Does My Windscreen Have Sensors?

Educational

Apr 12th, 2021

Does My Windscreen Have Sensors?

Most modern cars come equipped with all sorts of sensors throughout the vehicle. They serve various purposes, from monitoring the overall health of the vehicle to external driving conditions. Sensors are quite commonplace nowadays, yet do you realise that some of those sensors are right on your car’s windscreen?

That’s right! A windscreen with sensors might have sounded like something sci-fi a decade ago but not these days. 

Generally, these sensors provide data to the car's many advanced driver assistance systems or ADAS. They include lane departure warning, autonomous braking, and they even act as part of the forward-collision warning system.

In this article, we're going to look at a few things you should know about windscreens and sensors. Firstly, you'll undoubtedly want to know if your windshield has any sensors to begin with (not all cars do).

Then, we’ll explore the issue of replacing a windshield with sensors and how challenging that might be.

Let’s get started.

How Do I Know If My Windshield Has Sensors?

There are several ways to know if your windshield has sensors. You can refer to the car’s user manual, peruse its advanced driver assistance systems (ADAS), or inspect the windscreen yourself.

Let’s take a closer look at each of these methods.

Car User Manual

The first and probably most straightforward way to figure out if your windshield has sensors is to refer to the vehicle's user manual. There, you should find information on sensors located throughout the car, assuming the model has any.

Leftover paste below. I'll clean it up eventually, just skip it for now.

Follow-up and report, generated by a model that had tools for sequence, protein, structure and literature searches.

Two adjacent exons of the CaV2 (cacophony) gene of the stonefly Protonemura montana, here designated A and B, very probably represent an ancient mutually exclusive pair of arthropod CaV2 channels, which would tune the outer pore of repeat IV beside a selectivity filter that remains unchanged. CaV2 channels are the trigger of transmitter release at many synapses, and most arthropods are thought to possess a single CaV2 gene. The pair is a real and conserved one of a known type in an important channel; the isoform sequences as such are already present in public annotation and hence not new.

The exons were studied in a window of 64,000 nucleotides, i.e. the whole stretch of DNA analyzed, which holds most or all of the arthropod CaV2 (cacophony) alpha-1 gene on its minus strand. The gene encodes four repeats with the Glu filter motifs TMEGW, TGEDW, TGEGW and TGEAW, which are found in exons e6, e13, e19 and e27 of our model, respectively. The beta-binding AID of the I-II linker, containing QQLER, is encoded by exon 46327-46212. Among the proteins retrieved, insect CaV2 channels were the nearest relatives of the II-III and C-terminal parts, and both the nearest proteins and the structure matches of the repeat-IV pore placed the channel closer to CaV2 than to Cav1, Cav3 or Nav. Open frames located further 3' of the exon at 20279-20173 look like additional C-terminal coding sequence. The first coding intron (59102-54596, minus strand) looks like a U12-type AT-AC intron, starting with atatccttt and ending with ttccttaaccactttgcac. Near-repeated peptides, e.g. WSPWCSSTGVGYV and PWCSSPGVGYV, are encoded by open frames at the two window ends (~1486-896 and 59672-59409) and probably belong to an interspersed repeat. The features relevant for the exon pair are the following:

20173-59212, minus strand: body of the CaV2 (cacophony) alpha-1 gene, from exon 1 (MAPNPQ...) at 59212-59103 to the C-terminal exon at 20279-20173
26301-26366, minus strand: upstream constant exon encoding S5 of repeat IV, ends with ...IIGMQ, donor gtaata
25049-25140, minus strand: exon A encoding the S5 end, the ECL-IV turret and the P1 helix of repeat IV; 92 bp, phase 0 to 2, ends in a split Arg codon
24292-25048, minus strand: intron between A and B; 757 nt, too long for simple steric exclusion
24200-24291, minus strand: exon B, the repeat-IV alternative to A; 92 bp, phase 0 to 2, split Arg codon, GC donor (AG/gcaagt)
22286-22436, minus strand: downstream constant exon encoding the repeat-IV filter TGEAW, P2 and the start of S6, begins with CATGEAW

The user manual should inform you of what sensors your car may have, how many there are, and what purpose they serve.

Car’s Advanced Driver Assistance Systems (ADAS)

Another method of figuring out whether your car relies on windshield sensors is to consider what advanced driver assistance systems (ADAS) it has. These days, auto manufacturers put all sorts of ADAS in their newer models.

The ADAS that rely on those kinds of sensors include:

  • Lane departure warning
  • Autonomous braking
  • Forward collision warning systems
  • Automatic wiper systems
  • Automatic headlight systems

These types of ADAS rely on sensors to provide them with the necessary data. That data can include the presence of rain, light, or even pedestrians and oncoming vehicles.

Visual Inspection

If you know what to look for, you can also identify your windscreen sensors visually. Here's what you do: Stand in front of your vehicle and look at your windscreen. Search for attachments to the glass that look like gel pads. These sensors can be round or even rectangular.

How Do Windscreen Sensors Work?

A windscreen with sensors can serve many different purposes at the same time. Each sensor typically has an optical component that senses things like rain (for rain sensors), light, and the road’s lanes. The sensor works closely with an analogue component that processes all these pieces of information and a control algorithm that decides what to do about it.